In an effort to convey the urgency of the current global goal to eliminate hepatitis C by 2030, the theme of this year’s World Hepatitis Day is Hep Can’t Wait. As the event’s website puts it, ‘with a person dying every 30 seconds from a hepatitis related illness – even in the current COVID-19 crisis – we can’t wait to act on viral hepatitis’. One aim, in short, of World Hepatitis Day this year is to build momentum and accelerate progress towards elimination.
The goal of elimination by 2030 is in many ways an important one, yet significant questions remain about how it may be achieved and how it will impact the daily lives of people affected by hepatitis C1. Recent Australian research, for example, indicates that the hopes attached to treatment such as new social connections do not necessarily follow cure2.
Based in the DruGS Program at the Australian Research Centre in Sex, Health and Society (ARCSHS), a major new project began in 2020 to investigate impediments to hepatitis C treatment uptake, including the role of stigma. Entitled ‘Lived experiences of treatment for hepatitis C in Australia: An online resource for people considering treatment, members of the public, healthcare workers and other professionals’, the project was funded by the Australian Research Council to investigate these impediments and produce a public website communicating carefully presented experiences of hepatitis C and treatments. Led by DruGS Program Leader and ARCSHS Director Professor Suzanne Fraser, and building on previous projects producing research-informed websites on health issues, the team collected and analysed interviews with affected individuals to produce urgently needed detailed insights into the experiences of and meanings given to hepatitis C for those affected by it3,4.
Analysing data drawn from this new project, a range of responses to the World Hepatitis Day theme of Hep Can’t Wait can be considered (see findings as a presentation). While the current generation of hepatitis C treatments are highly tolerable and efficacious, impediments to uptake remain. Access for some is still affected by competing priorities, multiple health conditions, homelessness and stigma.
The researchers also found that cure is not as straightforward as might be expected. Individual experiences of cure can provoke mixed feelings as they are contingent on the same broader social and material forces that shape the emergence of hepatitis C in specific populations, and affect treatment uptake. They are contingent on community understandings of the disease. The research suggests that these broader forces need more attention as they also impact on elimination efforts.
Overall, the research has highlighted that even with new, much easier to manage treatments, people affected by hepatitis C often face difficulties juggling priorities and processes in a context of limited resources and support. As the team found, experiences that might be expected to be straightforward are often complex: intimately shaped by a range of issues beyond those usually considered part of treatment success.
For the team, the Hep Can’t Wait theme prompts thought about broadening the elimination focus beyond treatment uptake alone to the forms of inequality that shape lives and opportunities and priorities in ways that complicate treatment, and that create lingering stigma and discrimination even in the presence of cure1.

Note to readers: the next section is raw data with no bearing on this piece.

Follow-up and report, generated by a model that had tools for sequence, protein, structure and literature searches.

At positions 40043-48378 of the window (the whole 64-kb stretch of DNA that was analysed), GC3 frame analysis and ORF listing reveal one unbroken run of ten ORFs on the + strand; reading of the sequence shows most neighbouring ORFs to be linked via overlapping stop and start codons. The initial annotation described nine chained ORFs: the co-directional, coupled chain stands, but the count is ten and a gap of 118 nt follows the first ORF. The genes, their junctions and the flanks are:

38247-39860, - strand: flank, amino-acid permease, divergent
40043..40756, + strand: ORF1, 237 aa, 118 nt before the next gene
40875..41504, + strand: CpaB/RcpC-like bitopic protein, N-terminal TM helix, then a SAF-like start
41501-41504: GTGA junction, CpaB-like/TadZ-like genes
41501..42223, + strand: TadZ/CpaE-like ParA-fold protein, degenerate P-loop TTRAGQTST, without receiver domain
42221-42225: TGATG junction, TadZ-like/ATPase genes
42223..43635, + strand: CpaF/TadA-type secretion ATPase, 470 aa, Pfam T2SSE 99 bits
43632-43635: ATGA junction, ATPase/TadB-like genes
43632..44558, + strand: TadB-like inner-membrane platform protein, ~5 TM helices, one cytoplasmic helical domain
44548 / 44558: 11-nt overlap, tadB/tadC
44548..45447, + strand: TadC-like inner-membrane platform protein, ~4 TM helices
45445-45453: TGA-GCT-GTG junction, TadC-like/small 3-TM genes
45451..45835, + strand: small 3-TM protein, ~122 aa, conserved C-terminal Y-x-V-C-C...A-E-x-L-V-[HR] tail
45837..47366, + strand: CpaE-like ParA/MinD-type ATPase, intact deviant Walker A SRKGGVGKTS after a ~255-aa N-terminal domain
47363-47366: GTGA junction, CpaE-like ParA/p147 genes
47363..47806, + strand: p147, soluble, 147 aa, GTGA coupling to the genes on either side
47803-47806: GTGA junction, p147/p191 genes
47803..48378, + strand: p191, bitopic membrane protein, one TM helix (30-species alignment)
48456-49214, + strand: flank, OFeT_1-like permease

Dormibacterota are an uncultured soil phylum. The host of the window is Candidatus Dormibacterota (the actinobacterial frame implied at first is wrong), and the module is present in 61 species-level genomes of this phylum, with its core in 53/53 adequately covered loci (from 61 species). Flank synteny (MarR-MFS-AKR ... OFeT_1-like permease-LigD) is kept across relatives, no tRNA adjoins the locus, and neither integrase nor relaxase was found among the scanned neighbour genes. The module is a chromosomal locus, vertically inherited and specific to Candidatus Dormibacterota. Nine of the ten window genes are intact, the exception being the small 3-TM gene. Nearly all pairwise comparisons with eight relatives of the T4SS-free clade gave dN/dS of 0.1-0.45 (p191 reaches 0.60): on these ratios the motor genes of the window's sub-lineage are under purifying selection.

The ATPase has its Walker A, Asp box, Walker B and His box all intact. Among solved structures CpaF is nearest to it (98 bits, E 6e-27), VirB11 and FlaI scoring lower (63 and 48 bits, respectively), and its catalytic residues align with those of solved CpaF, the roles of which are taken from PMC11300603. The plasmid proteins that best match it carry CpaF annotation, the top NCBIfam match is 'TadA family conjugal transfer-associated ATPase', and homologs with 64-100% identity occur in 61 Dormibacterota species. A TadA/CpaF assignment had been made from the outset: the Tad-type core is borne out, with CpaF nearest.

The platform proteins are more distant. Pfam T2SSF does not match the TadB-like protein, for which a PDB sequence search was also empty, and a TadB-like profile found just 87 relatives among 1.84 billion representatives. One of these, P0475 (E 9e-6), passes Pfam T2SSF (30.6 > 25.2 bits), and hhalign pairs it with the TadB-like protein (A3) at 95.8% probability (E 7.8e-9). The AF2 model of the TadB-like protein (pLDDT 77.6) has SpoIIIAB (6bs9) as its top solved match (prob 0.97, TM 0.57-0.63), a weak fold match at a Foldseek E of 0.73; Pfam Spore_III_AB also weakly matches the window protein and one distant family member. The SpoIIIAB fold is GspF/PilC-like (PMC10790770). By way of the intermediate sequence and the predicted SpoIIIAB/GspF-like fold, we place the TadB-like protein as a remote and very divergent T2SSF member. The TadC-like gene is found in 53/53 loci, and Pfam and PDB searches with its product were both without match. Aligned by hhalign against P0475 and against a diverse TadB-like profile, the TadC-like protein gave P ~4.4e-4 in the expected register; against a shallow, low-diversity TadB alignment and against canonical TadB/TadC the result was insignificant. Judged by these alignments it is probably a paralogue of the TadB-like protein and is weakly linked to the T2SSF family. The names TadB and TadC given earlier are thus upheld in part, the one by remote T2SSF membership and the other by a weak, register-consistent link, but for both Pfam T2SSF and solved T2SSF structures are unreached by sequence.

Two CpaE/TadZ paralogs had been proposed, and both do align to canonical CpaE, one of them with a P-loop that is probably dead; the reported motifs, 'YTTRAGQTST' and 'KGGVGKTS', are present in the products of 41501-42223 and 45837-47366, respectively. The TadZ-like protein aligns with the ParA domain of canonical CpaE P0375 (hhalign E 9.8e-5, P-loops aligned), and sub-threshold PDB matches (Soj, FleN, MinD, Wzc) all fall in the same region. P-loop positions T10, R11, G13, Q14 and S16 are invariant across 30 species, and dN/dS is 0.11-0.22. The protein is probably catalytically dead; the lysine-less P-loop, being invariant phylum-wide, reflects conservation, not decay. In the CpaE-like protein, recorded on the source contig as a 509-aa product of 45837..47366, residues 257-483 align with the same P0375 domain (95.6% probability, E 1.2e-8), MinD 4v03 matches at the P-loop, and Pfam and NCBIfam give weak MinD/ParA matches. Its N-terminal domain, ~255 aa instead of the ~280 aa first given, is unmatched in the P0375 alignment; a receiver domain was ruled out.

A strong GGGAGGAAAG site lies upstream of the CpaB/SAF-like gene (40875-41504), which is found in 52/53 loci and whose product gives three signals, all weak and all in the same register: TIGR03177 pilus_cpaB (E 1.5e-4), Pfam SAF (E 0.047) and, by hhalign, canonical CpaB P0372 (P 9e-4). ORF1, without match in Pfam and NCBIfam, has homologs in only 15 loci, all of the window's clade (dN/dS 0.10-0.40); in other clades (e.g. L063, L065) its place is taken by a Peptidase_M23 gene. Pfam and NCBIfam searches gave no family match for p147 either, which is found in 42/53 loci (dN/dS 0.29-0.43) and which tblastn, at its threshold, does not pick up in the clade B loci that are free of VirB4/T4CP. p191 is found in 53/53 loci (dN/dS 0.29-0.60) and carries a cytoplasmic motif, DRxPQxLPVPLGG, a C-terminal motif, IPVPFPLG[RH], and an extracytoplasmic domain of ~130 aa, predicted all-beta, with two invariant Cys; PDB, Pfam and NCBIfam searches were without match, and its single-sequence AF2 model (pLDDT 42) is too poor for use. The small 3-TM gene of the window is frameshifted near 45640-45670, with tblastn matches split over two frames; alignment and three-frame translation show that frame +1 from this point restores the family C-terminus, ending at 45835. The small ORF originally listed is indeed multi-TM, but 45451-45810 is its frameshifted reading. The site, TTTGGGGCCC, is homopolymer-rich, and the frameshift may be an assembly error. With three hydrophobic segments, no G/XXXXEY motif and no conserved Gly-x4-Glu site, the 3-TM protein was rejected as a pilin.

As project researcher, Dr Adrian Farrugia explains ‘while recent medical developments have placed hepatitis C elimination on the agenda, our research reminds us that meaningful freedom from it – for individuals and the broader community – requires more than treatment alone.’
World Hepatitis Day is a reminder of the intimately political nature of hepatitis C and all health issues. In this sense, this year’s message is that people living with the disease should not have to wait for the support and care they need, nor indeed for the equality that may facilitate access and uptake, and that it is necessary to continue to build and deliver hepatitis C elimination efforts fully responsive to and respectful of the fundamental dignity and diversity of those affected5.
- Seear, K., Fraser, S., Farrugia, A. and valentine, k. (2020). Beyond a ‘post-cure’ world: Sketches for a new futurology of hepatitis C. International Journal of Drug Policy. Early online.
- Madden, A., Hopwood, M., Neale, J. and Treloar, C. (2018). Beyond cure: Patient reported outcomes of hepatitis C treatment among people who inject drugs in Australia. Harm Reduction Journal, 15(42), 1-8.
- Treloar, C., Pienaar, K., Dilkes-Frayne, E. and Fraser, S. (2019). Lives of substance: A mixed-method evaluation of a public information website on addiction experiences. Drugs: Education, Prevention and Policy, 26(2), 140-147.
- Farrugia, A., Treloar, C. & Fraser, S. (2021). Overdoselifesavers.org: A mixed-methods evaluation of a public information website on experiences of overdose and using take-home naloxone to save lives. Drugs: Education, Prevention and Policy.
- Bryant, J., Rance, J., Hull, P., Mao, L. and Treloar, C. (2019). Making sense of ‘side effects’: Counterpublic health in the era of direct-acting antivirals. International Journal of Drug Policy, 72, 77-83.
See Dr Farrugia’s presentation on these issues, prepared for World Hepatitis Day 2021.